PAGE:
Tuesday, March 27, 2018

Weekend Art Challenge Review 032718 — Out of the Box

Golden Guardian by Svetlin Velinov

Weekend Art Challenge Review
Here's the challenge we're reviewing today!

Right off the bat, we start with some new design space: caring about the number of cards in exile. We've seen something similar in Warden of the Beyond by Isaiah Cartwright, but we've not seen it expanded like this. Already, we're onto some simple, but innovative space. I like that the card natively includes a way to get something in exile - much more important for an effect like this than Warden of the Beyond - and it even lets you continue to pump it (inefficiently) with the ability. The last ability lets you 'draw' cards from exile, which is very different. We've seen it only a few times in Magic, and it's been quite contentious each time. 

Now, I see the intent there: if you can't return the card, the first ability doesn't tutor anything. And if you use the first ability without any other synergies, then it becomes a 0/0 and dies, which is feel-bad, hence the ability that lets you exile more stuff to it. Every ability has a clear design intent behind it... but the result ends up a bit burdened down by the sheer number of abilities. We had a clear, exciting start with "power and toughness each equal to cards you own in exile" - the more you put on top of that, the more you distract from your 'surprise'! The best surprises are impactful, which means they're concentrated, uncluttered. 

If I were to try to fix Etherean as it is, I'd fold the last two abilities into one, making it cost exiling a card from your hand to get another card back. That way you save some space and end up with a more concentrated design. If I were to start with the same seed, I'd actually consider not bundling it with the tutor, but instead making it more like Boneyard Wurm. Is that the right move? Who knows! With great untouched design space also comes the issue of having to figure out the best way to design with it. Having so many possible directions for this ability is, however, definitely a good thing. Great work, Skye!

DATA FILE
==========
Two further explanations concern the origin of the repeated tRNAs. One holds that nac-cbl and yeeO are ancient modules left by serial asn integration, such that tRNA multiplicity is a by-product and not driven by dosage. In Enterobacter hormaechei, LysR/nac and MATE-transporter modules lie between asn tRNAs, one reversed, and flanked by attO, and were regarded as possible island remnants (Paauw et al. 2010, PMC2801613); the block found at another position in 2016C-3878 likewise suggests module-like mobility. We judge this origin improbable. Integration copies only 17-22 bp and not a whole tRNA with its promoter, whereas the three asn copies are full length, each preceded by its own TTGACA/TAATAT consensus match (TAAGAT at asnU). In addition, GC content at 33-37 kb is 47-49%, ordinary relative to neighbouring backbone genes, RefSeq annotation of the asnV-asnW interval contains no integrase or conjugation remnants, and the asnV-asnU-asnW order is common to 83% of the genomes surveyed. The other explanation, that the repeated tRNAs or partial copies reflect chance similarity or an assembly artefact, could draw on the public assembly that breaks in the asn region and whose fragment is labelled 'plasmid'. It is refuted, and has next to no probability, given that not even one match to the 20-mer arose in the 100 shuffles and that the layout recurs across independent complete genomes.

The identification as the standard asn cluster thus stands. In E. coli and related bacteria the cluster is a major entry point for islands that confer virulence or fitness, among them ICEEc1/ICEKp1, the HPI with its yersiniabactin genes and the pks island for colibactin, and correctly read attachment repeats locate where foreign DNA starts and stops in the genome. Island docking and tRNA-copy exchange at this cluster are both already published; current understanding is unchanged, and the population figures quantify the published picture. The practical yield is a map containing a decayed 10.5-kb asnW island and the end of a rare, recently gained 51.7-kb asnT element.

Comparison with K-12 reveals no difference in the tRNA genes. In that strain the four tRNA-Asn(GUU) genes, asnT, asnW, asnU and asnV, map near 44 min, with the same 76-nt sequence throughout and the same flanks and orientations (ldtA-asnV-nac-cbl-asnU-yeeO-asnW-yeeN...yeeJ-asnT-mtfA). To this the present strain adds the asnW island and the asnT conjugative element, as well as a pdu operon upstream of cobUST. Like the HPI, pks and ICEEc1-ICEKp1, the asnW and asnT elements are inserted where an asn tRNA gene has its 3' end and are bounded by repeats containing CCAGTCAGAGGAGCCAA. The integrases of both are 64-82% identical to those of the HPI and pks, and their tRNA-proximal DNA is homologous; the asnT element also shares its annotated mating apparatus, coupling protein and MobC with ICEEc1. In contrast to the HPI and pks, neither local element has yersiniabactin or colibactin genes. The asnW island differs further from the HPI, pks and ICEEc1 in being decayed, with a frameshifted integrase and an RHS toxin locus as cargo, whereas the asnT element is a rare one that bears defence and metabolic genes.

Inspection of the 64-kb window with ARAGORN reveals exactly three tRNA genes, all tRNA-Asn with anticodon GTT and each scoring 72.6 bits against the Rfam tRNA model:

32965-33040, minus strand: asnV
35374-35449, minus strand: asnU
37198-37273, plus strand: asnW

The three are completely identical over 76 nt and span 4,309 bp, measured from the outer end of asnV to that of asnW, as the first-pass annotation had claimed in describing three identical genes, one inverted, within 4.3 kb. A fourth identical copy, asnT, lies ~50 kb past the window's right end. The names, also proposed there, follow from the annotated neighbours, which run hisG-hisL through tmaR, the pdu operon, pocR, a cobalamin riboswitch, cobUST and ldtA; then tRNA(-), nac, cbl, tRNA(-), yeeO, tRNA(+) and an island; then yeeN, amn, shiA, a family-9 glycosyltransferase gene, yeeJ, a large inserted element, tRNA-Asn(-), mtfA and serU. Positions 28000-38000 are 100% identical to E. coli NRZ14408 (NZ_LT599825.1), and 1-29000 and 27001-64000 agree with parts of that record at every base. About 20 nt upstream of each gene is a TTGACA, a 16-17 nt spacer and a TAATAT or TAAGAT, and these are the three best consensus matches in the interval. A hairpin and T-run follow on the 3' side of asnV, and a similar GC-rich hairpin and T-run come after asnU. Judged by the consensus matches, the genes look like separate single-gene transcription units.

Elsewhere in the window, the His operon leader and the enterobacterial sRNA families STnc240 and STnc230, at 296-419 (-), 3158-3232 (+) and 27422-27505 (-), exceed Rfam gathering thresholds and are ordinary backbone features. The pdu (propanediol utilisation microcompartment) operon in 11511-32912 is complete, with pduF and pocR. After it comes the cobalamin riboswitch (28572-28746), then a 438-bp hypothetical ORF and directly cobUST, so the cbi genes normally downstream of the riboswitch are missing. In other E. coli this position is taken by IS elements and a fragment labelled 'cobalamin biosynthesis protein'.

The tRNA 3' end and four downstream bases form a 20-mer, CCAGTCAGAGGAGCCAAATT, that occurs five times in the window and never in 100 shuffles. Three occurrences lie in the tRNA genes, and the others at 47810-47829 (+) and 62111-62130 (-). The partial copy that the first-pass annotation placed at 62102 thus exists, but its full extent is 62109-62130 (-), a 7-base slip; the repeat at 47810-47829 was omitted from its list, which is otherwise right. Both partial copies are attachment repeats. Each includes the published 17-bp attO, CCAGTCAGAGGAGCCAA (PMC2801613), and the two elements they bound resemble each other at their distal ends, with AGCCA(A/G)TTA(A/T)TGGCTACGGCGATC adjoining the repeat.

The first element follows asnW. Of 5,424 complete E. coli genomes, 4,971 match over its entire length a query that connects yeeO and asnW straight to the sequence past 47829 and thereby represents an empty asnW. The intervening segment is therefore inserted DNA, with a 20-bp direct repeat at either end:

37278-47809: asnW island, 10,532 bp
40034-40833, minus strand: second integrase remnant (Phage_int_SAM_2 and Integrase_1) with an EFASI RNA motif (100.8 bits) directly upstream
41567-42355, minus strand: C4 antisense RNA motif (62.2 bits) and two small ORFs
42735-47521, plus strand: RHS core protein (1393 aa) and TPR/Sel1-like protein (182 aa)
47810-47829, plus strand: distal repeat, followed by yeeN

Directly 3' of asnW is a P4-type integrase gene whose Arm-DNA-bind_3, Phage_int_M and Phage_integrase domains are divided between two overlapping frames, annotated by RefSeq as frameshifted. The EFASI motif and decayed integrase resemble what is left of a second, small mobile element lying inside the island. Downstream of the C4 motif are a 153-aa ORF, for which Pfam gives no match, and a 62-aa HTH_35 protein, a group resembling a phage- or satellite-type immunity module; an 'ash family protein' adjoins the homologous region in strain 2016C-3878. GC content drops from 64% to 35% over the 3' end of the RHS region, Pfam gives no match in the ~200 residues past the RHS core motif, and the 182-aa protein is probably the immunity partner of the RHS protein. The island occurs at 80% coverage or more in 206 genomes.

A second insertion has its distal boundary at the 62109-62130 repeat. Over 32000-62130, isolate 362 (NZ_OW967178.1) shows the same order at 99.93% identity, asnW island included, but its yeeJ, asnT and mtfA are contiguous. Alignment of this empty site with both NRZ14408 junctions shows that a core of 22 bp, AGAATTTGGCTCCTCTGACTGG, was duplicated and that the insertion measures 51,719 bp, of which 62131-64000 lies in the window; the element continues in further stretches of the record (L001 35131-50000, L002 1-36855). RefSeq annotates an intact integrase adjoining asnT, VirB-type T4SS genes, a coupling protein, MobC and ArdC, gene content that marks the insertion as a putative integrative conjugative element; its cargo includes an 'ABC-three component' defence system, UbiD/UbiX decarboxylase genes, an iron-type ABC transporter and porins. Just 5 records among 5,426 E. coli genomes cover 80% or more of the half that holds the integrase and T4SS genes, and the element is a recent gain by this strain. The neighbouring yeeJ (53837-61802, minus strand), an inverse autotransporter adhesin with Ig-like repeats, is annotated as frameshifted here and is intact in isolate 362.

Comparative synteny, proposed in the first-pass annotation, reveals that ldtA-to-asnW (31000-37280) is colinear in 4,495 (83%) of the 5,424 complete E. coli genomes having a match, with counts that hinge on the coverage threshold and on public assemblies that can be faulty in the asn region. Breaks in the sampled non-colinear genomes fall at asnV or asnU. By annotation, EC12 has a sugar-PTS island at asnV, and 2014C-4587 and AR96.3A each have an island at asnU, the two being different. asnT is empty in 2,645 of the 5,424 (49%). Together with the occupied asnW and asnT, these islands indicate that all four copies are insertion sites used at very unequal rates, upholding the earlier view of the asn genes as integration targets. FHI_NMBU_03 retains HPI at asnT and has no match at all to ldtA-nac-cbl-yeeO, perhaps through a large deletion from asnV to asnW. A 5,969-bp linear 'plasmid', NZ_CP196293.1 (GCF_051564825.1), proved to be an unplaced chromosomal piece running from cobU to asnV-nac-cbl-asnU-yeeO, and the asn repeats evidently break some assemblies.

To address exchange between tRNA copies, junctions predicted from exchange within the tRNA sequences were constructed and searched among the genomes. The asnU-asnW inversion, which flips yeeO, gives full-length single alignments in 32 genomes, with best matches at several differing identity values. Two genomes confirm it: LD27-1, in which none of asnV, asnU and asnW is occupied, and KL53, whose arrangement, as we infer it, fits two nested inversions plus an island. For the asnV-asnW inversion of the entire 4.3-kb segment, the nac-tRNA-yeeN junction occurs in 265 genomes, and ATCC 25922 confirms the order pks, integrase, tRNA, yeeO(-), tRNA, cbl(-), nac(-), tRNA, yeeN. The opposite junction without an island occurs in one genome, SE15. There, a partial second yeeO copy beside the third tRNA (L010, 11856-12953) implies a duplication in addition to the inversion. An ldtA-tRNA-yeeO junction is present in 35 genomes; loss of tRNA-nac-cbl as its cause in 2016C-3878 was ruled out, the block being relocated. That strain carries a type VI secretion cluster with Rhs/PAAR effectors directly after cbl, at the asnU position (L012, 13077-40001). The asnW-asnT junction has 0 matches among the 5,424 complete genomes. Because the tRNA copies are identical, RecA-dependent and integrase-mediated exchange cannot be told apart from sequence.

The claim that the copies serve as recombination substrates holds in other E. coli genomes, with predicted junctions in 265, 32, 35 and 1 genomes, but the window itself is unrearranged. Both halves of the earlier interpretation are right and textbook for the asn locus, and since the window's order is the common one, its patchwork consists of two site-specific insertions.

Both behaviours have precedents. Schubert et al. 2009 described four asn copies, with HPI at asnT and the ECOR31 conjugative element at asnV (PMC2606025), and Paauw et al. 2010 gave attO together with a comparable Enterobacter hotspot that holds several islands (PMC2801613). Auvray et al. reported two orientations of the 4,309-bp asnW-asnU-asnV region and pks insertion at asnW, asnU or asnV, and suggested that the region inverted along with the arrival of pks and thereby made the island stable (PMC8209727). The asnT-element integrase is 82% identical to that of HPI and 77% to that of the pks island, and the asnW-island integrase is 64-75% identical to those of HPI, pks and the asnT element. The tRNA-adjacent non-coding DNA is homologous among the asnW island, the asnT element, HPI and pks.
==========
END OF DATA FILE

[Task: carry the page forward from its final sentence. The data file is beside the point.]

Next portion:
PS: I'm not a fan of being able to return anything from exile; even effects like Misthollow Griffin bug me. So far it's been kept safe by the fact that things that can leave exile typically only let themselves do so. This gets real dangerous. A lot of designers are alright with this, though.

You know, I thought this was what Basandra, Battle Seraph did, but it turns out it does basically the opposite. This is much more fitting to {R}{W}'s gameplan most of the time. And, somehow, I can't find anything like it! 

There's two kinds of innovation, I think: the kind where players go, "Wait, this hasn't been done before?" And the kind where they go, "Wait, HOW COULD THEY HAVE DONE THIS?" This falls firmly into the first category. It's such a great, clean design, and so flavorful, that I can't believe it hasn't been done before. A surprise, to be sure, but a welcome one.

Does this count as 'out of the box', if it's almost 'expected'? I think so. Going out of the box doesn't just mean venturing into strange or startling spaces, just new, hopefully exciting ones. There's a lot of value in the shocking surprises, but there's also a lot of value in the subtle ones. Wonderful job, Larcent!

Okay, wow. This is a great counterpart to Larcent's Reynauld (above), which is why I picked it. Using the two kinds of innovation I outlined above, this is definitely the second kind. Players who see this will be shocked, startled, even skeptical of how it could possibly work! It also gives rules managers a big headache, which is just a bonus.

It reminds me very much of Spellweaver Volute, in that it tweaks how enchanting works. If we can enchant cards in graveyards, we can probably enchant cards in libraries, right? While this is an interesting idea, I'm not sure True Wish Compass is the best execution. Let's again look to Spellweaver Volute as an example: it enchanting a specific card in your graveyard matters, as it locks you into the choice. When you cast a sorcery, you have to pair it with the enchanted card, and then you have to attach Volute to another card, which means you need your next desired instant to be cast before your desired sorcery. Tricky! Spellweaver Volute is a card that really calls in skills with sequencing. My pal Tommy Occhipinti would probably like it.

On the other hand, does True Wish Compass really have to enchant the second card in a library? The way this card essentially works is that when you draw a card, it burns the next card, then moves down one more. In other words, it could be, "Whenever you draw a card, exile the top card of your library, etc. etc." I might be missing something here, but to me, this doesn't need to be an aura.

We're exploring some interesting space here, for sure, but out-of-the-box concepts also need to justify their weirdness; they need to have an explanation for why they're not using more traditional methods. I'm not sure this does. If I'm missing something, please let me know in the comments.

Still, Wobbles, this is a real interesting seed of an idea. I encourage you to try to revisit the concept!

Doug has been working on an idea like this for a while, apparently. It'll be my honor to review it!